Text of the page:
May 4, 2021
There a many times I remind my kids about the privilege they have – education, a good life, opportunities. They always retort back, saying that I am a party pooper, always trying to take a moralistic view of even the innocuous things in life.
While my kids may think that whatever I say is targeting them, I say it also as a way to humbly remind myself of the privilege I have enjoyed in my life to be in the state I am today.
What I say to my kids and myself is also true for all of us.
Having attained some status, wealth, position, and power, most of us can look in the mirror and say to ourselves – “I have worked so hard. I deserve to be where I am today.”
While it is essential to fuel our self-belief and self-esteem about how good we are, it is also important to recognize that most of us were born into a privilege we may never fully appreciate. We were born into families that took care of us, that gave us good parentage, shelter, education, confidence, and love. Our upbringing allowed us to access opportunities that 90% of the population did not have.
In the 90% population, there are intelligent people who can work harder than anyone else, but many of them will never get to experience what we take for granted. It is important to recognize this privilege we all have and build a sense of humility that reminds us about how fate has also played a good hand in us being where we are today.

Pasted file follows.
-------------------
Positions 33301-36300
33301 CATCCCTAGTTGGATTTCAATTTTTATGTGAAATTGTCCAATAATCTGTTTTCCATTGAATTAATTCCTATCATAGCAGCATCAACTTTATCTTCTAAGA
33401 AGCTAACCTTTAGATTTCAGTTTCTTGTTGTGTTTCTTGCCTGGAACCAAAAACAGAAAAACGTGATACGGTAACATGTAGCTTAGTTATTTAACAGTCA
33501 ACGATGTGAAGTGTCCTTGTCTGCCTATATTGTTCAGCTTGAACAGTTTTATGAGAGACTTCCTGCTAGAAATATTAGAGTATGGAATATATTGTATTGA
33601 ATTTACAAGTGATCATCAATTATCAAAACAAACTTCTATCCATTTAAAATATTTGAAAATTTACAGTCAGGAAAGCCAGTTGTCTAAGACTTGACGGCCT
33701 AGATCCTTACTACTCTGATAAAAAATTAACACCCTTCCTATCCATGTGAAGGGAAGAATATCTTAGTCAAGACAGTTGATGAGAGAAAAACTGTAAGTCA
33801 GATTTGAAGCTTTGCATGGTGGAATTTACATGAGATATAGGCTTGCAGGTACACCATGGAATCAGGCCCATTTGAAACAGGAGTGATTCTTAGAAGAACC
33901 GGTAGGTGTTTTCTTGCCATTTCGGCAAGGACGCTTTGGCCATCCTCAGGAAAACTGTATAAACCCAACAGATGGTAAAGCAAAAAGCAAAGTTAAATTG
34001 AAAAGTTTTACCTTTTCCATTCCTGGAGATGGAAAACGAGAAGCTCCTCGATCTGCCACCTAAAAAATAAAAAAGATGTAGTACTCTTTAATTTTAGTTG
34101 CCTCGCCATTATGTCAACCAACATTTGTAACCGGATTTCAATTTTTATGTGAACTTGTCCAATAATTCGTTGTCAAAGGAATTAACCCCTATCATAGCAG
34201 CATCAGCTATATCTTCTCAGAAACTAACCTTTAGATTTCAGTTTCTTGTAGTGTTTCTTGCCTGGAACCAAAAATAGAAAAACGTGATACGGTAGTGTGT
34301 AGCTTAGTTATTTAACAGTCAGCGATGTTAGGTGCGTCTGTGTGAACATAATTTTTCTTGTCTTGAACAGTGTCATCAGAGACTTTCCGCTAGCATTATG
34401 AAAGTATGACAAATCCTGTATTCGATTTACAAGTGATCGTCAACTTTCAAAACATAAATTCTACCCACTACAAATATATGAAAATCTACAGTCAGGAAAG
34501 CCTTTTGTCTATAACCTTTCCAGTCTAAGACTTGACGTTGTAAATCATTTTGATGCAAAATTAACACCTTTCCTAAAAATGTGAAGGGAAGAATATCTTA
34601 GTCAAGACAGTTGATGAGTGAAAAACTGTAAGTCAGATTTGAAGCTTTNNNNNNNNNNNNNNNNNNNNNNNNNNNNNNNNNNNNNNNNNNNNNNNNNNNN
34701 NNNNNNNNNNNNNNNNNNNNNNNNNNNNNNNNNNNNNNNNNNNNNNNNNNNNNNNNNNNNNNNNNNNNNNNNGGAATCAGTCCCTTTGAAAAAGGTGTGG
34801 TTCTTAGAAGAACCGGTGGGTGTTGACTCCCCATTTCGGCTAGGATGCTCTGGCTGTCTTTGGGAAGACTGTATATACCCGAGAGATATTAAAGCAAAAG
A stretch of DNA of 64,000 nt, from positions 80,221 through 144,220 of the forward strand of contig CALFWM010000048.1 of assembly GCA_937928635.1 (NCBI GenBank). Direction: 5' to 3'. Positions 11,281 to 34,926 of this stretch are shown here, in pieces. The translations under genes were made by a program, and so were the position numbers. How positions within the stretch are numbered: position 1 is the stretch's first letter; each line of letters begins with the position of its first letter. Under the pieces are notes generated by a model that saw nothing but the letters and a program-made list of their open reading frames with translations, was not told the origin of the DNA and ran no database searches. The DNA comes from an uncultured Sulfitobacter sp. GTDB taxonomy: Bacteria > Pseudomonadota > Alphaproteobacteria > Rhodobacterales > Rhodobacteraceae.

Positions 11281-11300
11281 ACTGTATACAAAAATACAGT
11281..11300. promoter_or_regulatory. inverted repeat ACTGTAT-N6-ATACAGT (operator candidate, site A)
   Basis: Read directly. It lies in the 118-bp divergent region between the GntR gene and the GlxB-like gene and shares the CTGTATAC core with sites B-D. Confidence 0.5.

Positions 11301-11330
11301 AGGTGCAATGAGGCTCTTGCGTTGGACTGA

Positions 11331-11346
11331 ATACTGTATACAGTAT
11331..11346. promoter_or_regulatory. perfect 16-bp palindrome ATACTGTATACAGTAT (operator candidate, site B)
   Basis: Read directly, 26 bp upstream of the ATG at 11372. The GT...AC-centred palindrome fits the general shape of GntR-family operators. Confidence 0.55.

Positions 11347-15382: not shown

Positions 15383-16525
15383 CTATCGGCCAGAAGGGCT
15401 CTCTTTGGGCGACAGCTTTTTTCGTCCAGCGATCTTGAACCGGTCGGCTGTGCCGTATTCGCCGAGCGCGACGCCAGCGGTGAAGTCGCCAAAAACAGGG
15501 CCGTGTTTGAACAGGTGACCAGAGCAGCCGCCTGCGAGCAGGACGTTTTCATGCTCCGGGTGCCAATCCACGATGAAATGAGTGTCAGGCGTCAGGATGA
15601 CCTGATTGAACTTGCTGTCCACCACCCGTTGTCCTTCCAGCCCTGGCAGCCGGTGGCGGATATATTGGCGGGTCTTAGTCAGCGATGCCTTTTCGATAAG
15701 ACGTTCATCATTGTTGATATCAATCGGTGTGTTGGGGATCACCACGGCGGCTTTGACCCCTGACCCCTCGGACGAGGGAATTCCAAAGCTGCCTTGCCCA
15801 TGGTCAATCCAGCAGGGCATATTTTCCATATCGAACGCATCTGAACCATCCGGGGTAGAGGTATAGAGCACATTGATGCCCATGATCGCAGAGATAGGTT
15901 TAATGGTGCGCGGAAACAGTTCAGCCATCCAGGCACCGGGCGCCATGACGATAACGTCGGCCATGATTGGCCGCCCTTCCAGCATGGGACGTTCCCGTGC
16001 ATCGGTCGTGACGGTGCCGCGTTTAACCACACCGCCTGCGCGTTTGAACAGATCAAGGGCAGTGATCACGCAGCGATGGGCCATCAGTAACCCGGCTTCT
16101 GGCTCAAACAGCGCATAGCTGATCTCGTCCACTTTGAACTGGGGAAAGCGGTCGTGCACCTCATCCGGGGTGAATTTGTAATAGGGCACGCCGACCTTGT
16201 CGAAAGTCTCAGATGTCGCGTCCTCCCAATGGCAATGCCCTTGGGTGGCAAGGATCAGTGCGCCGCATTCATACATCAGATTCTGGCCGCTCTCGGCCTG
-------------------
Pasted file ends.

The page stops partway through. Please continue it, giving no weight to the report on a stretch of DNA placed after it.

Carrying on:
There is also another reason to remind ourselves of the privilege. We sometimes tend to judge and think of success as coming only from hard work or intelligence. And, therefore, when we come across someone struggling, we tend judge them for not working hard enough or being smart enough. The truth is never black and white. Not all success comes only from hard work and not all failure is because of lack of hard work. We never get to see what is really happening in someone’s life.
Thinking this way helps me stay grounded and not fall into the trap of unfairly judging someone.
I know I am privileged, and I am grateful for where I am today.